New era in product safety law - EU Market Surveillance Regulation adopted

by Dr. Roland Hartmannsberger

Product Compliance

New era in product safety law - EU Market Surveillance Regulation adopted

After several attempts and many years of negotiations, the EU Market Surveillance Regulation was published on 25 June 2019 (Regulation (EU) 2019/1020, OJ EU L 169, 1 ff.). This is probably one of the most fundamental legal developments in the non-food sector in the last 20 years. It largely replaces Regulation (EC) No 765/2008 and forms the new framework for market surveillance with regard to 70 (!) EU directives and regulations. It also entails fundamental substantive changes to the law. The Market Surveillance Regulation will apply from 16 July 2021, but is likely to cast its shadow in the short and medium term. The main changes and innovations in keywords:

  • Significant expansion of market surveillance powers, e.g.: access to (i) software embedded in products and (ii) details of the supply chain, (iii) distribution channel and quantities of products on the market; unannounced inspections; reverse engineering; access rights; false identity testing; removal of online content of non-compliant products.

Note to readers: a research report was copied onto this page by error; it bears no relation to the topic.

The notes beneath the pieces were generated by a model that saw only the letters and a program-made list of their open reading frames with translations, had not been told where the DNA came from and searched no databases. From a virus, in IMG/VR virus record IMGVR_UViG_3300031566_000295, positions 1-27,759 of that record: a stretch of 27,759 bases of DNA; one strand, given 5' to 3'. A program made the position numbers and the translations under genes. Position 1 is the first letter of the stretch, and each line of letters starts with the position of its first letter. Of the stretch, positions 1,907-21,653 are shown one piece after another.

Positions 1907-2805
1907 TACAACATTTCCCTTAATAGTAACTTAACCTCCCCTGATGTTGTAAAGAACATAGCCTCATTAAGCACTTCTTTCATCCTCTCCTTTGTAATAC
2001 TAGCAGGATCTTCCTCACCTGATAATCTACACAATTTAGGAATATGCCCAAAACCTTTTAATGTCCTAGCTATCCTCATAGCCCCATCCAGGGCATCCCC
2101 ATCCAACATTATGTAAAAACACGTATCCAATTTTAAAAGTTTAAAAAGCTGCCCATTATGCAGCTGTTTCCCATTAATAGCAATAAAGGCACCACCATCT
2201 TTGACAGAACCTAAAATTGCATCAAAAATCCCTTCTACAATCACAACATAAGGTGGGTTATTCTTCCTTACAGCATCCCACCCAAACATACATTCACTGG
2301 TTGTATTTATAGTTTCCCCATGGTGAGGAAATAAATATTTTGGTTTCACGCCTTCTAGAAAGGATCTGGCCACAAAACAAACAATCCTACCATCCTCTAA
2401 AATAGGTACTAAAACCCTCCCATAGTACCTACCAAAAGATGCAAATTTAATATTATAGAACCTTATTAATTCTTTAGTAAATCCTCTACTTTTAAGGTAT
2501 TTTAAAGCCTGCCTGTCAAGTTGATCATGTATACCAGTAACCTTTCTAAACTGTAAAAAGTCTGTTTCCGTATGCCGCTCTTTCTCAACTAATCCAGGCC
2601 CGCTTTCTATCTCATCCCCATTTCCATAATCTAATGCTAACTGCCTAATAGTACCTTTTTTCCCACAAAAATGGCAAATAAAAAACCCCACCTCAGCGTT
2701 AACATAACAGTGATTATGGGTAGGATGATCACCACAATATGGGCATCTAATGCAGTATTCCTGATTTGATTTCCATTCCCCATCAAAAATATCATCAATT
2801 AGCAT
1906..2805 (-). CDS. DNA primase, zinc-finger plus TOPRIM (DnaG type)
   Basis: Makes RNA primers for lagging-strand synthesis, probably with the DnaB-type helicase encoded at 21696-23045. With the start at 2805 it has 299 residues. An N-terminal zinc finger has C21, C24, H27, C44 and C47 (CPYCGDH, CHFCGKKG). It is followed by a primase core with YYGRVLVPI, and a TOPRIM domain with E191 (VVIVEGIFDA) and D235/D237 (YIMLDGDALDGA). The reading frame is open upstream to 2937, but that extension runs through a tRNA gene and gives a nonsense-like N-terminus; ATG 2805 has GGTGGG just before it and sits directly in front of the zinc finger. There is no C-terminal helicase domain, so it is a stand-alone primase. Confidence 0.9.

• Significant expansion of customs competences, information facilities and the scope of checks during customs procedures.
  • Further develop and intensification of the exchange of information through RAPEX and ICSMS, including establishment of a new interface with customs.
  • Shipping platforms will in future be subject to comprehensive obligations as market players ("fulfilment service providers").
  • Products subject to 18 EU regulations and directives may only be placed on the market if a market player (manufacturer, importer, authorised representative or fulfilment service provider) is based in the EU.
  • In the case of products sold online, will be deemed to be placed on the market with an offer on the Internet targeting users in the EU.

The Market Surveillance Regulation will lead to fundamental systemic and substantive changes in (German) product law and market surveillance and will significantly aggravate the risks of detecting product law violations and the legal consequences. Civil liability risks are also increasing for all market players.

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